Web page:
By: Charles A. Perkins, Jr.
The case entitled Richard G. MacDonald v. Old Republic National Title Insurance Company, et al, is an interesting Federal Court Decision that deals with what one would think is a clear breach of contract and tort which would render the Defendant, Old Republic National Title Insurance, liable for a title insurance issue.
In this case, an individual named MacDonald delivered $135,000 to a person for unit mortgage loans arranged for by said person. As security for the loan, MacDonald was granted a first mortgage affording to encumber three (3) condominium units. Further, to ensure validity, enforceability and priority of the purported mortgages, MacDonald purchased and received three (3) title insurance policies issued by Old Republic.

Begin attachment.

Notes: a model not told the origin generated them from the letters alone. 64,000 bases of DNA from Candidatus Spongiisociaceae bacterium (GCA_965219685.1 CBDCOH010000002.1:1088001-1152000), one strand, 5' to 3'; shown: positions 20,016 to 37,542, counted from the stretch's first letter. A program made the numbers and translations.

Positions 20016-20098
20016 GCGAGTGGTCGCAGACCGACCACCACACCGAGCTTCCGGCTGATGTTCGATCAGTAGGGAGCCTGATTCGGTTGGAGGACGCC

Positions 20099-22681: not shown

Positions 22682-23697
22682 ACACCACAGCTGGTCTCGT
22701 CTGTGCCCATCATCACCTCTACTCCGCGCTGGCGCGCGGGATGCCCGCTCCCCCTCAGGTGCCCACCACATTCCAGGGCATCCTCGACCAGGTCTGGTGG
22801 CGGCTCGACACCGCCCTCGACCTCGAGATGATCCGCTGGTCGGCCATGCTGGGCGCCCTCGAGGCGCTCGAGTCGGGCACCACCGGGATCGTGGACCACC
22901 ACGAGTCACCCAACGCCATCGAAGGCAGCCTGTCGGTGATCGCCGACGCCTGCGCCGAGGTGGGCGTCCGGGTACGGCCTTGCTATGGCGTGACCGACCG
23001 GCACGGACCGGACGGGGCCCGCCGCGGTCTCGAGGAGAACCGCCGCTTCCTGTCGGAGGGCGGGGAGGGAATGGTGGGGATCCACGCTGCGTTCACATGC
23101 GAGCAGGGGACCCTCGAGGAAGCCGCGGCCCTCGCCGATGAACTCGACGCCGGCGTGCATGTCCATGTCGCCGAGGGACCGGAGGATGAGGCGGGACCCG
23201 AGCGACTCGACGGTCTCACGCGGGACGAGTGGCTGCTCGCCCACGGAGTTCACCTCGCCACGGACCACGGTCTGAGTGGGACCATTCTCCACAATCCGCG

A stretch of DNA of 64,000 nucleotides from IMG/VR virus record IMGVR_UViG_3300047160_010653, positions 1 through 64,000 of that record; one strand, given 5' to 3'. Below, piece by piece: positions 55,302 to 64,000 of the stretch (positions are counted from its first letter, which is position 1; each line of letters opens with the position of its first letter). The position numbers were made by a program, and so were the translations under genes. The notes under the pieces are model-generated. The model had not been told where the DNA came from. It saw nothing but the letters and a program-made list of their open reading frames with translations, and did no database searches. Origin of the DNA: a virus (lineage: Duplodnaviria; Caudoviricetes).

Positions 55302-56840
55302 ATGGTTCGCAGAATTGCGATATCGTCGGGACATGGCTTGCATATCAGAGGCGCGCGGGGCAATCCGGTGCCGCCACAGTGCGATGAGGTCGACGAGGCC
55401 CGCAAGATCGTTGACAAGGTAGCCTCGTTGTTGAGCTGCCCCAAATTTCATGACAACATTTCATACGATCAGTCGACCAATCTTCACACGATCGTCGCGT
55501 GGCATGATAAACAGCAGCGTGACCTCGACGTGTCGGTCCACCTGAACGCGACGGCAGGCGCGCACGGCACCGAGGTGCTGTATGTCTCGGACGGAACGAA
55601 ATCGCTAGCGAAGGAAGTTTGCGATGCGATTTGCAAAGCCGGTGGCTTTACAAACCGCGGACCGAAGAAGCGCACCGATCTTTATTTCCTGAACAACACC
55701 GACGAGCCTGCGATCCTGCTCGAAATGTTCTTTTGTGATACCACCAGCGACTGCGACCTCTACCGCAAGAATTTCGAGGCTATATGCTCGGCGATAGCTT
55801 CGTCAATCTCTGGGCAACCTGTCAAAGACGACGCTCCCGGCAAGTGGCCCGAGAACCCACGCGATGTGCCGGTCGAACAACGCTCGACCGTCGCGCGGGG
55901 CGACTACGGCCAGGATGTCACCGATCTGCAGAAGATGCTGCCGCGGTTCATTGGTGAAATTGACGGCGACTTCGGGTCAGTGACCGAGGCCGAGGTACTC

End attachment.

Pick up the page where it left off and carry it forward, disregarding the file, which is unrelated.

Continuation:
Old Republic moved to dismiss Count III of MacDonald’s Complaint which was brought against Old Republic for failing to conduct a competent search of title and creating liability under the New Hampshire Revised Statute Section, 416-A:6. He also brought a claim for liability for negligence.
The Court went through a lengthy analysis and indicated that a title insurer has a common law duty to the insured and MacDonald may bring his claim for negligence against Old Republic. The Court also found that MacDonald was allowed to bring the statutory standard of conduct for his actions of negligence and that the economic loss doctrine did not apply.
They reserved the right to certify this question to the New Hampshire Supreme Court in the event the resolution of Count III ultimately determines or affects MacDonald’s recovery in this matter.